Developers building apps targeting desktops, laptops, smartphones, and tablets, have two options to use when building their apps: native apps built specifically for the target platform, or web apps which run on most any system Building native apps for any target platform is a time-consuming and expensive proposition, especially when your app targets multiple system types (desktop computers, smartphones, televisions, etc.).
Web apps are challenging because a user experiences vary dramatically depending on which type of system the user accessed the app from. Desktop browsers are fully capable, but mobile device browsers have limitations due to reduce screen real estate, processor speed, network bandwidth, and more. Many of these limitations have disappeared, but there’s still considerable disparity between native app and web app capabilities.
Over the years, web browsers, especially those running on mobile devices like smartphones and tablets, exposed more native capabilities to web apps. This enables web apps to work more like native apps, but there were still limitations. Service Workers are a relatively new technology that make it easier for web apps to bridge the gap between native and web capabilities, removing many limitations from web apps. This is a book about service workers; focusing on how to use service workers to enhance the capabilities of a web app to create a Progressive Web App (PWA). This book focuses on the technologies enabling PWAs, and how to use them to enhance your web apps to deliver a more native-like experience.
Learning Progressive Web Apps is the first of a new generation of PWA guides that reflect breakthrough advances such as Service Workers and Web App Manifests, helping you combine the best features of web and mobile development. One step at a time, John M. Wargo introduces techniques for building apps, highlighting:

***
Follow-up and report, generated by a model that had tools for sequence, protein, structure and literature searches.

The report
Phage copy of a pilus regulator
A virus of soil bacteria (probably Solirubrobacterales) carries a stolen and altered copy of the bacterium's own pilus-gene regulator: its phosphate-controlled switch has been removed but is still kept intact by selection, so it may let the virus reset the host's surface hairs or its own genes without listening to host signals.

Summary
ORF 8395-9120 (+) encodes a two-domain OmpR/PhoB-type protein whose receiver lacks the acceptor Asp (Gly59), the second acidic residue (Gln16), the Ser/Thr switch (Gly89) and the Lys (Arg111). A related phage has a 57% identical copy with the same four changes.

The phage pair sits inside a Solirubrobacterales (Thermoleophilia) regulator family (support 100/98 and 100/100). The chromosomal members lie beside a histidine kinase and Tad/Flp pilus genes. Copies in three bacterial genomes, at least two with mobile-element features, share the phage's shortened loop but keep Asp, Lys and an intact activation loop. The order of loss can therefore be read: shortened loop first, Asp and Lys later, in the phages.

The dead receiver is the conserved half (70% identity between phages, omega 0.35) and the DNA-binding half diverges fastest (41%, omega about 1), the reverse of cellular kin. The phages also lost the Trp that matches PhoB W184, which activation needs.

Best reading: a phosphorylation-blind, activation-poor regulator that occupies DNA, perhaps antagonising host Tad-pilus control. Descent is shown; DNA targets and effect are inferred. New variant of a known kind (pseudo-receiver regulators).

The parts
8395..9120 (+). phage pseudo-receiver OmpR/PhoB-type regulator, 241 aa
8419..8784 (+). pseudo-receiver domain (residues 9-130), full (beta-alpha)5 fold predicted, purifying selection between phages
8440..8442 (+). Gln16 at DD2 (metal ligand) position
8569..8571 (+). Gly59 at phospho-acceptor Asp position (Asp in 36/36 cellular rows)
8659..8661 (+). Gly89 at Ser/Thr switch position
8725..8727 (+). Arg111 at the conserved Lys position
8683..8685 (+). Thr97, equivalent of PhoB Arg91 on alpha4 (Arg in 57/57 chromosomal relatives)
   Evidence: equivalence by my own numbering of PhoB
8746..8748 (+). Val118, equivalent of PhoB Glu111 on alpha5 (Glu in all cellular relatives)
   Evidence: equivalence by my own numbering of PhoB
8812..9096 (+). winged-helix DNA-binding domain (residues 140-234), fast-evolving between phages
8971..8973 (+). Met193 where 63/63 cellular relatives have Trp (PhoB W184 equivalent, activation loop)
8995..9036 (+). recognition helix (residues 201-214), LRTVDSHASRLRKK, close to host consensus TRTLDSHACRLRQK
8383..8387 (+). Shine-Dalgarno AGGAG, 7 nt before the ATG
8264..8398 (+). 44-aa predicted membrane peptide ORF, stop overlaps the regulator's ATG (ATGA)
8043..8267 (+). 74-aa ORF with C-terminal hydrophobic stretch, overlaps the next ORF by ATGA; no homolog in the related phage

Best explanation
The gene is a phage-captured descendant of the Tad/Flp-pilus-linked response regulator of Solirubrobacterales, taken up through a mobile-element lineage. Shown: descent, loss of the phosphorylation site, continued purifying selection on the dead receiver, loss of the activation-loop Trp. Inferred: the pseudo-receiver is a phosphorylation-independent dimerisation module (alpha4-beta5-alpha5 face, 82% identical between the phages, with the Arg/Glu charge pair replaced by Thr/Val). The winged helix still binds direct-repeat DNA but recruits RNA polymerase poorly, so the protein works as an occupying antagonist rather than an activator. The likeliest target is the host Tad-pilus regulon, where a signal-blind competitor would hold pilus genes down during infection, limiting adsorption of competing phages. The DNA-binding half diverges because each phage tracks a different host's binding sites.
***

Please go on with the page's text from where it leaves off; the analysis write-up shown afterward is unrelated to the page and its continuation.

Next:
- Building web apps a user can easily install on their local system
- Building web apps that work offline or on low quality networks
- Implementing caching strategies that give web developers control over which app resources are cached and when
- Delivering background processing in a web application
- Implementing push notifications to enable an app to more easily engage with users or trigger action from a remote server.
As you work through the chapters, at different points you’ll start with one of three complete, stand-alone web apps, then convert them into PWAs using service workers and other browser technologies.
Wargo clearly introduces each core concept and illustrates the implementation of each capability through complete, operational examples. You’ll start with simple web apps, then incrementally expand and extend them with state-of-the-art features. All example source code is available on GitHub, and additional resources will be available through the author’s site, https://learningpwa.com.